Karen Fratti
Updated Jan 20, 2018 @ 12:13 pm
Photo of President Donald Trump at a "Conversations With the Women of America" Event
Credit: Al Drago / Bloomberg via Getty Images

Because life is just totally unfair sometimes, members of Congress and President Donald Trump will continue to be paid during the government shutdown, while members of the military and most other government employees will have their paychecks delayed.

In case you missed it, the government shut down at midnight Friday after Democrats and Republicans failed to reach a deal on spending. Republicans refused to pass anything that didn’t include money for a border wall. Democrats insisted any temporary funding measure include a long-term DACA replacement. But despite attempts to keep the government running, party leaders on both sides of the aisle refused to blink.

That means national parks and “nonessential” government offices will be closed for an indefinite period of time. “Essential” employees — such as military service members and some congressional staffers — will continue to show up to work, but most likely will remain unpaid for the duration of the shutdown. Other nonessential employees will be furloughed, which means they won’t work or get paid on time.

The last time a government shutdown happened, anyone who had to work was paid retroactively, which isn’t so bad. Unless they’re the kind of underpaid government employee or military family living paycheck to paycheck, of course, in which case the shutdown could seriously affect their livelihoods.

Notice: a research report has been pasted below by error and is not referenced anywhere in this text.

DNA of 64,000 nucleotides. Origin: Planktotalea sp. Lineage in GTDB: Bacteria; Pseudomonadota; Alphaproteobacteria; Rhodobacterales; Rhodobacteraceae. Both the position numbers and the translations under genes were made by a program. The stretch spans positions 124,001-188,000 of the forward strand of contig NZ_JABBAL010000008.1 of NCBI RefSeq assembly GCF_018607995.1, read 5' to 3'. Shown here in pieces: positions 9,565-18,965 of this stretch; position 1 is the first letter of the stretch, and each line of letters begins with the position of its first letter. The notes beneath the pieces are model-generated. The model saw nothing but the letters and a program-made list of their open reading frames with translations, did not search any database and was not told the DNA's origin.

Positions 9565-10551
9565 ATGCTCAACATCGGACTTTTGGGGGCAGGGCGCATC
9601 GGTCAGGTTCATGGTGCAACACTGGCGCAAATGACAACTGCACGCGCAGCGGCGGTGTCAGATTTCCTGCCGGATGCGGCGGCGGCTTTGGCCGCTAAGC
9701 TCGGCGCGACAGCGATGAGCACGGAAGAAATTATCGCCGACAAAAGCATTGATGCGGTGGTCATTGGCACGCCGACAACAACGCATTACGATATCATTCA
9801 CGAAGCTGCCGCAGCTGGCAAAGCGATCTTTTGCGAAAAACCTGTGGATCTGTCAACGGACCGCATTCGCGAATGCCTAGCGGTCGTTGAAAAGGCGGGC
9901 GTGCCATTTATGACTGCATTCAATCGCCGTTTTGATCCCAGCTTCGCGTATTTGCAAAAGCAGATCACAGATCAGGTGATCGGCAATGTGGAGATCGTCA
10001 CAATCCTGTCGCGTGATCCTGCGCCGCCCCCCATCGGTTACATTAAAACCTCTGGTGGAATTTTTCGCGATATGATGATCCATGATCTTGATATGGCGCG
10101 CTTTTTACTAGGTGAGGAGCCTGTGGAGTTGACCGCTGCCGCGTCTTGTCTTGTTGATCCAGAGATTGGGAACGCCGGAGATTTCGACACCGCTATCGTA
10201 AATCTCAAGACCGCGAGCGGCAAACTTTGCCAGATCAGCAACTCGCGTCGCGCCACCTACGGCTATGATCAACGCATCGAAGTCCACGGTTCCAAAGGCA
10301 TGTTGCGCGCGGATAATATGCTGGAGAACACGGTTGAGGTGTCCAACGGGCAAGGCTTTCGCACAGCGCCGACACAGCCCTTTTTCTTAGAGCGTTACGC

The gross part is that Congress and Trump’s paychecks won’t be affected during the government shutdown.

According to The Washington Post‘s government shutdown FAQ, the Constitution “forbids the salary of the president to be reduced while he or she is in office, thus effectively guaranteeing the president of compensation regardless of any shutdown action.”

The same goes for members of Congress, whose salaries are written into permanent law rather than paid through congressional appropriations.

The rule was supposed to prevent them from giving themselves raises, but it also means they can refuse to compromise on important policy issues without being denied pay during a government shutdown.

What a great way to celebrate the one-year anniversary of Donald Trump’s inauguration, right?

Back in 2013, noting the terrible optics of the situation, many members of Congress pledged to donate their shutdown salaries to charity. Rep. John Delaney (D-Md.) has already gone on record saying he would donate his pay this year. As of right now, Congress is still in session, trying to work this thing out.

At the beginning of his presidency, Trump said he planned on donating his presidential salary, a promise he’s followed through on. Most recently, he donated his third-quarter salary to opioid efforts at the Department of Health and Human Services. So eventually, any money he earns during the shutdown will likely go to another cause, for better or worse.

But make no mistake. Just because Congress or Trump donates their pay doesn’t mean they’re not putting politics before the well-being of American people, whether they’re immigrants or furloughed government employees.

Hopefully, someone will step up and end this nonsense as soon as possible.